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Maverick Capital is a hedge fund located in GuruFocus’s own Dallas metroplex. Led by Lee Ainslie, this fund has been in operation since its inception in 1993. Lee Ainslie earned his bachelor’s degree in system engineering from The University of Virginia, and his MBA from the University of North Carolina. Ainslie was recruited at UNC to work for legendary hedge fund manager Julian Robertson in 1990. In addition to his hedge fund duties, Ainslie serves as the vice-chairman of the Robin Hood Foundation, and on the board of trustees for several organizations such as the Green Vale School.
“I was deciding whether to return to management consulting (my first career) or to go into investment banking; Julian gave me an opportunity to come to New York to work for Tiger”
Lee Ainslie worked for Julian Robertson’s Tiger Management, one of the earliest hedge funds to be founded. Utilizing a value-oriented approach to investments, his success launched the explosion of the hedge fund industry. As referenced in a previous article (http://www.gurufocus.com/news.php?id=126342), many of these analysts would go on to launch their own hedge funds after training and tutorage from Robertson. These new fund managers became a generation known as “tiger-cubs”, so eloquently referring to the roots of their training. Ainslie served as a managing director for Tiger Management and as a technological analyst for 3 years.
“….Evaluating management teams (of companies you were considering investing in) is critically important.”
Maverick Capital at its very core is a long/short equities fund. They invest in companies utilizing a fundamental bottoms-up approach to analyze equities. Ainslie operates with a long term view on value, much like his mentor, and this can be seen in their capital funding requirement. For the most part, his fund is widely closed to most investors, as he prefers dedicated and sophisticated investors. They prefer capital from investors with ties and influence on corporate boards across several spectrums of industry, in order to maintain and grow their business network. Furthermore, he typically has investors commit to a three year period, in order to achieve long term maximum value. Each position comprises no more then 5-8% of the overall portfolio, and is analyzed not upon quarterly earnings, but on a large annualized view with an optimal investment holding of 1-3 years out.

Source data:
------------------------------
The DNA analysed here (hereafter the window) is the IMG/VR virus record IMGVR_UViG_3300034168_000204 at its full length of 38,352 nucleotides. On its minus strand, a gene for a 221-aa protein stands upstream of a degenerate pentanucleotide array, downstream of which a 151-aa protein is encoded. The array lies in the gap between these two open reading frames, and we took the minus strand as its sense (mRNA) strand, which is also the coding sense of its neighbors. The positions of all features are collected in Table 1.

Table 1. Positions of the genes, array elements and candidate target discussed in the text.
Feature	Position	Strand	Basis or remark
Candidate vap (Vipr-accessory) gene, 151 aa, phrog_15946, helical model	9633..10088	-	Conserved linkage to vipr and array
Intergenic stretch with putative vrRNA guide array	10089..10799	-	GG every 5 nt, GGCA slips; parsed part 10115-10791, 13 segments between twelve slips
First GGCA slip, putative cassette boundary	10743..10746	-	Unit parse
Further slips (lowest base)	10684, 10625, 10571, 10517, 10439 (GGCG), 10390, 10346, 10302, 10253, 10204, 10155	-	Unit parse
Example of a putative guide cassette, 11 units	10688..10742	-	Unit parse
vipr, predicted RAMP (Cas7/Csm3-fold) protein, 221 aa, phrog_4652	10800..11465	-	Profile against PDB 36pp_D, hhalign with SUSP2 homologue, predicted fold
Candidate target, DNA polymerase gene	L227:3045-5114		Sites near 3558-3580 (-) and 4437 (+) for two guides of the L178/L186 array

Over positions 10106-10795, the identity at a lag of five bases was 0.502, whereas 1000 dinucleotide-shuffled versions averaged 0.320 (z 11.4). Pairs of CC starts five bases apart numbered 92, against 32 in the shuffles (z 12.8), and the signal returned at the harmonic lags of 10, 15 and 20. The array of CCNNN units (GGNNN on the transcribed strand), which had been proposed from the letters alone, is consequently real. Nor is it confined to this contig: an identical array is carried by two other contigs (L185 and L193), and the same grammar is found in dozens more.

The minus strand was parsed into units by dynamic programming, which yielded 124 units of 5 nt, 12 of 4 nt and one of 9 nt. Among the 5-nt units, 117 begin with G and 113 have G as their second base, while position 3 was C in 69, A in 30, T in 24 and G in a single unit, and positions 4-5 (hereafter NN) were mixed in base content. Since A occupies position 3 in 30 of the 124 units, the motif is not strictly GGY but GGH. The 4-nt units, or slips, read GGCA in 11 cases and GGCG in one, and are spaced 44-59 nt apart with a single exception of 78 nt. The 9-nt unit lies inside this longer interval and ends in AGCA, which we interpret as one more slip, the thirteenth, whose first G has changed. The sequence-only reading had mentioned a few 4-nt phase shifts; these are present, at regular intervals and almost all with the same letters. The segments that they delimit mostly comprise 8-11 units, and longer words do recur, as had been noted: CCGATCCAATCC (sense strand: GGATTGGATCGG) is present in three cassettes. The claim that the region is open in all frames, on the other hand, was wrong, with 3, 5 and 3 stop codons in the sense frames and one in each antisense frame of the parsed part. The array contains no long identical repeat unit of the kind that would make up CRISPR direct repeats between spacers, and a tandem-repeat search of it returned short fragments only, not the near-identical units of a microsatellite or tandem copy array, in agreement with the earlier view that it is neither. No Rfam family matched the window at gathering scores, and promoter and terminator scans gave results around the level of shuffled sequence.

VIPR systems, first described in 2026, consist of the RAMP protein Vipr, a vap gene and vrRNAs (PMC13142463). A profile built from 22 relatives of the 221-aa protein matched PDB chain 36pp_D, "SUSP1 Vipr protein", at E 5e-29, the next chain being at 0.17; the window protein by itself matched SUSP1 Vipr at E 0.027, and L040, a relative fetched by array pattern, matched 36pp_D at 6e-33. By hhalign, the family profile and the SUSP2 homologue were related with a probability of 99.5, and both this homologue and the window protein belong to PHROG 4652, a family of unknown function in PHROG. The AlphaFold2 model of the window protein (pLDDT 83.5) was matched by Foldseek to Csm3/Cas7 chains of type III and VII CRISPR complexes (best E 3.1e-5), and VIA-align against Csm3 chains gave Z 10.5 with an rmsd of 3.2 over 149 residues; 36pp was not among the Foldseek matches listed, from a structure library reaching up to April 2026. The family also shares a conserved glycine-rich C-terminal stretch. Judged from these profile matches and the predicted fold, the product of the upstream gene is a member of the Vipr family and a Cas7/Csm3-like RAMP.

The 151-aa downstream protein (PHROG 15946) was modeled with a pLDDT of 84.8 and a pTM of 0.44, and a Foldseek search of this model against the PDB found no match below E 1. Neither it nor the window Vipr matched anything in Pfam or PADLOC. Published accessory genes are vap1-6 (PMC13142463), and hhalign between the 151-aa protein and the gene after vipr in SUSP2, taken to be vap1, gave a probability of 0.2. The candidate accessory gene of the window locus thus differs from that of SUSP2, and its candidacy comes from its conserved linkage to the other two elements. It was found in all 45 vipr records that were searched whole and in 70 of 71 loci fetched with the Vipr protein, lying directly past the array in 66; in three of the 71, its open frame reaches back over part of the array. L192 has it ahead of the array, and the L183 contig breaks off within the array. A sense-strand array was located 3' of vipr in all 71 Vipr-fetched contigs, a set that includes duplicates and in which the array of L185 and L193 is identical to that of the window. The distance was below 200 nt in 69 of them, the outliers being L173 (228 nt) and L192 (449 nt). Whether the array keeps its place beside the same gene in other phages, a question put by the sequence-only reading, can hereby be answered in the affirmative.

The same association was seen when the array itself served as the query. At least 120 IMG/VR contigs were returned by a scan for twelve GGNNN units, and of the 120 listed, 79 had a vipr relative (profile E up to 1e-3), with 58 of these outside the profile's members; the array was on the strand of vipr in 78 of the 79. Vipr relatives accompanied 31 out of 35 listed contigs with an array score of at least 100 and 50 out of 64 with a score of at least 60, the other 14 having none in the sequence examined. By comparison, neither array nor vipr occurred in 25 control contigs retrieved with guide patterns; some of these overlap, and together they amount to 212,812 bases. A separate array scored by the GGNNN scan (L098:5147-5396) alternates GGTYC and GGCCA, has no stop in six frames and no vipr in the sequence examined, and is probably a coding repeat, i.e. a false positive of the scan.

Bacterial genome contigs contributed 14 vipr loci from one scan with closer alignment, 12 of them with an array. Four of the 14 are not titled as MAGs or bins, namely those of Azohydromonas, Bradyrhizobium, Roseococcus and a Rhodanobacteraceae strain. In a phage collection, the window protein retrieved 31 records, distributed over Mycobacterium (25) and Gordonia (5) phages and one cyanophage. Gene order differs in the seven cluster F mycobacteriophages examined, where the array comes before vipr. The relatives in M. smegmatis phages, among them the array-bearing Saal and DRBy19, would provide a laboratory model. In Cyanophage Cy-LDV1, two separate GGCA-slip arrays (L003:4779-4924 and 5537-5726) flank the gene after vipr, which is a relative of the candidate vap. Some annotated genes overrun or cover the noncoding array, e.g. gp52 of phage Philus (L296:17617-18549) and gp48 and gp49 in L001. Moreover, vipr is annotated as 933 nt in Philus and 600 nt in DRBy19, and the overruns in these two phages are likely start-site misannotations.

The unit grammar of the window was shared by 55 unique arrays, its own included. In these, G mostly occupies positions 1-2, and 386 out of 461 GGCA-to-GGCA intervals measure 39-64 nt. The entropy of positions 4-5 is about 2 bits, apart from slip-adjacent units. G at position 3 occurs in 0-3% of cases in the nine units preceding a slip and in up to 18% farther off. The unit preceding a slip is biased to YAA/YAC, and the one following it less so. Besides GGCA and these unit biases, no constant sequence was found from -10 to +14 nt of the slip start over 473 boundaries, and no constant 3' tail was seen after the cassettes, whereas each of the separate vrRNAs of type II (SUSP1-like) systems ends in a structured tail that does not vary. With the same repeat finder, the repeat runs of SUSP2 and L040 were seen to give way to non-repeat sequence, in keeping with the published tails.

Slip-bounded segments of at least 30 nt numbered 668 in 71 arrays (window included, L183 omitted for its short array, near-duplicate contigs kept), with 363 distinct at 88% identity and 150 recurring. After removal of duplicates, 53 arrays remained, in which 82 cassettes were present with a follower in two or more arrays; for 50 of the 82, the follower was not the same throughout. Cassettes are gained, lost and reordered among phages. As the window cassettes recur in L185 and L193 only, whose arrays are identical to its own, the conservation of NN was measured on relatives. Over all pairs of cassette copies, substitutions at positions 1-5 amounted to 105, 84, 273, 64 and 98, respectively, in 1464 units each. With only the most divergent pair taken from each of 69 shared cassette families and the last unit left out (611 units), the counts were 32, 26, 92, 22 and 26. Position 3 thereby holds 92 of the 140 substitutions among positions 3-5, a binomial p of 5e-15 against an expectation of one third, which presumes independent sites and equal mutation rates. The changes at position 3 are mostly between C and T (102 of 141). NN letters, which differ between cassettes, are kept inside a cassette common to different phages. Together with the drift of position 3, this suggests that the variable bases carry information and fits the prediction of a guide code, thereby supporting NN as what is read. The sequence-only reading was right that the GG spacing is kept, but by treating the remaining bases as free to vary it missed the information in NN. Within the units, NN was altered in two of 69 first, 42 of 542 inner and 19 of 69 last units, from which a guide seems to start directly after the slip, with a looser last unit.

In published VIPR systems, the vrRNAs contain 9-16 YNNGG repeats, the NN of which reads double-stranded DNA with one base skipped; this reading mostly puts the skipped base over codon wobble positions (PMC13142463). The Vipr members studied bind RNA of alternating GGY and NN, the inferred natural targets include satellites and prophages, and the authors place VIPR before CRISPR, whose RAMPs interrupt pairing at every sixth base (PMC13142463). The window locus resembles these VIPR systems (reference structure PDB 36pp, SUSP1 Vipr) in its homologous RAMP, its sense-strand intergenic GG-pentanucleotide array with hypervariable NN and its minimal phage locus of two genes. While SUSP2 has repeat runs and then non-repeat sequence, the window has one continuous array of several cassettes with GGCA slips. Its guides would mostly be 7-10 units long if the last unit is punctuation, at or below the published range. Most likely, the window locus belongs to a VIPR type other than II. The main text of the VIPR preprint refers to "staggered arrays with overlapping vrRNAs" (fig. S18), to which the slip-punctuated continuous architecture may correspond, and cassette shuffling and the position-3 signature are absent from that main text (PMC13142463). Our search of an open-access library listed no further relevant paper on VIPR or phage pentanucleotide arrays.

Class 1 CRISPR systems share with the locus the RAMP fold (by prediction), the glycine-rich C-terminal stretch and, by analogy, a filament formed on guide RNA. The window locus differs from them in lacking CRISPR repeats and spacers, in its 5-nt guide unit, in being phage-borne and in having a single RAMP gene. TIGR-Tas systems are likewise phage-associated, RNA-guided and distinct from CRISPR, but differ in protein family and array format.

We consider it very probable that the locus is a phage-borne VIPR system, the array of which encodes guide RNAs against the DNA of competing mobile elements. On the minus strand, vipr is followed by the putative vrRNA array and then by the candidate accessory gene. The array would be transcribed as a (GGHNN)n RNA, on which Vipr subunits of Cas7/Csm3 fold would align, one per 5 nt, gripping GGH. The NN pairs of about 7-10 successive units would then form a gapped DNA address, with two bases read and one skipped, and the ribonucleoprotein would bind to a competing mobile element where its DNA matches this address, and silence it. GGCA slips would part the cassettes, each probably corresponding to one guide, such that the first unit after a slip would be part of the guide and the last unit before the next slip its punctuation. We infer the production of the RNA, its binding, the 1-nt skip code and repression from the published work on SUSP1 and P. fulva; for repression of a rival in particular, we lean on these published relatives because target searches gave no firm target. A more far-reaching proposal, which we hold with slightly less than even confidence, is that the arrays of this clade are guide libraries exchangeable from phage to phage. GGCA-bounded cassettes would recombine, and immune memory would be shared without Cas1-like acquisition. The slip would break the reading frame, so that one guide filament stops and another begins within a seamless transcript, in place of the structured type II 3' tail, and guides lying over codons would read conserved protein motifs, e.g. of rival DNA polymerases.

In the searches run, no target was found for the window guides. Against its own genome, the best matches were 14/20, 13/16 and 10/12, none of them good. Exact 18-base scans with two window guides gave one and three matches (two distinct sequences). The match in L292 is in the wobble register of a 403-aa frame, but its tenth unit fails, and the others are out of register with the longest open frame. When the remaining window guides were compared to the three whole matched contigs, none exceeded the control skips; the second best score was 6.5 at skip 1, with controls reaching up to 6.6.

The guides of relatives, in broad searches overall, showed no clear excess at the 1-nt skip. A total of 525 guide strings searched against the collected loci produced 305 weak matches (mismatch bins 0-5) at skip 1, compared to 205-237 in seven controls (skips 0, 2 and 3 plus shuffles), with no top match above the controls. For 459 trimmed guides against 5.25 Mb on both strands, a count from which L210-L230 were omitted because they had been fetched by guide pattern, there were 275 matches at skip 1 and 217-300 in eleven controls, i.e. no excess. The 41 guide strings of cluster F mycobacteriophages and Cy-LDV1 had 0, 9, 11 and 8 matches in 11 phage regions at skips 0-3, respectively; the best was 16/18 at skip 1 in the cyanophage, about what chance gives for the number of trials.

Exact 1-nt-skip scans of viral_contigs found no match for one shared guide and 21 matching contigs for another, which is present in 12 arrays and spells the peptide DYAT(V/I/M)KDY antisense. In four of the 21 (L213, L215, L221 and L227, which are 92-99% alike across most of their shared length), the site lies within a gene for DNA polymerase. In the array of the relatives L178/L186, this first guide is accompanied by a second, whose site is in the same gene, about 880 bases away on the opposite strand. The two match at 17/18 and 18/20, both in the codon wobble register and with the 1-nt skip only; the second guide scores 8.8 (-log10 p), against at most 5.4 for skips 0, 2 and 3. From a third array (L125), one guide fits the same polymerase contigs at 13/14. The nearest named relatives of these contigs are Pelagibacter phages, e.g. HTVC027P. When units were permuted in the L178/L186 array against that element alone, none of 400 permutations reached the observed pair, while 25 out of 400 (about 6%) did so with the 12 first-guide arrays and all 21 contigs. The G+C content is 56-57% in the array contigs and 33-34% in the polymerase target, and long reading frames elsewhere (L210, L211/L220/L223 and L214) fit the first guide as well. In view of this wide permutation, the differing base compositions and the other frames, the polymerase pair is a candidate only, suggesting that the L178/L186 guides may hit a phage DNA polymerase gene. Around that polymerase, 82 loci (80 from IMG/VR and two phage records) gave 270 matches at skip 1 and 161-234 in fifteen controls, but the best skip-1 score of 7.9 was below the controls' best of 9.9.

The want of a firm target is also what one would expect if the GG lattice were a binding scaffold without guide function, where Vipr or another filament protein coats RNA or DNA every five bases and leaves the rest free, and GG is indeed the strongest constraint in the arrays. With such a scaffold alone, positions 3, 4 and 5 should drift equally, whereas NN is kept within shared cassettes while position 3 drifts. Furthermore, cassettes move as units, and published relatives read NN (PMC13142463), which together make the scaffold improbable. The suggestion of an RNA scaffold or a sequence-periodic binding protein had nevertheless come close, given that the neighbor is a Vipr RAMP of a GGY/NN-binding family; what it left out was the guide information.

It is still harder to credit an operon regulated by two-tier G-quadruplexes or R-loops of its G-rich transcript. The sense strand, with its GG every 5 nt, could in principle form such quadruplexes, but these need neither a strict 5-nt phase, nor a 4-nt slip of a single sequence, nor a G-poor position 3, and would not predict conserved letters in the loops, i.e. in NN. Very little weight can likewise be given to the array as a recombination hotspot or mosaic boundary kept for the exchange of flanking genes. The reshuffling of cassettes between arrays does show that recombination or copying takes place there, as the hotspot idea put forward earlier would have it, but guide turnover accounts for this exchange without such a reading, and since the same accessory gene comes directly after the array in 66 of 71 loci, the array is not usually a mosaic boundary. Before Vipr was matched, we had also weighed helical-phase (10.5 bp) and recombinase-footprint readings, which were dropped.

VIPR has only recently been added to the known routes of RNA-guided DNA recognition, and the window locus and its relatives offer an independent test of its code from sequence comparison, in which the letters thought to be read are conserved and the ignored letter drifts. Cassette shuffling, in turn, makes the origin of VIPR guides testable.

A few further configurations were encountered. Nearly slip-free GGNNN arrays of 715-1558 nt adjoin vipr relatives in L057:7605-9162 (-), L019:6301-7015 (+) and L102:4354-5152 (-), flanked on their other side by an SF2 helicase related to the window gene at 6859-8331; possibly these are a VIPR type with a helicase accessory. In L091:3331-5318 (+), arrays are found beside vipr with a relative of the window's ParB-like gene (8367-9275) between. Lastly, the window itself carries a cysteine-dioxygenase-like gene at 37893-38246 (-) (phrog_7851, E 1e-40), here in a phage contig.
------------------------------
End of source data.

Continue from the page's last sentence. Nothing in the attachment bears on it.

In terms of shorting equities, Lee Ainslie stated that: “Our short exposure is achieved by shorting individual stocks, which I think is increasingly unusual these days. But to us, it’s critical, because we want to add value on both the long side and the short side. If you use market-related indexes to create your short exposure, by definition it’s not going to add value.”
In terms of performance, Maverick Capital returned 11.2% vs. the S&P benchmark of 15.1% in 2010. Much of this loss was attributed to their short holdings, as is stated in their 2010 shareholder letter (http://neoalpha.blogspot.com/2011/02/maverick-capital-2010-annual-letter.html), “nine of our ten largest losses on the year were in short investments”. Since 1995 however, Maverick Capital had an annualized return of 14% vs. the S&P 8.1%.
Maverick Capital’s portfolio composition for the two most recent quarters of 2010 is shown in the following table. Comparatively speaking, Lee Ainslie increased his holdings in technology and financials by 3.40% and 3.90% respectively. Furthermore, he initiated a minor position in the basic materials sector. Conversely, he reduced his holdings in consumer services, health care, consumer goods, and industrials by a relatively modest amount.
LONG, HEALTHCARE, BIOTECH
JOHN HAMMERGREN, INSIDER TRADES, MCKESSON CORP
MATTHEWS PACIFIC TIGER FUND, ASIA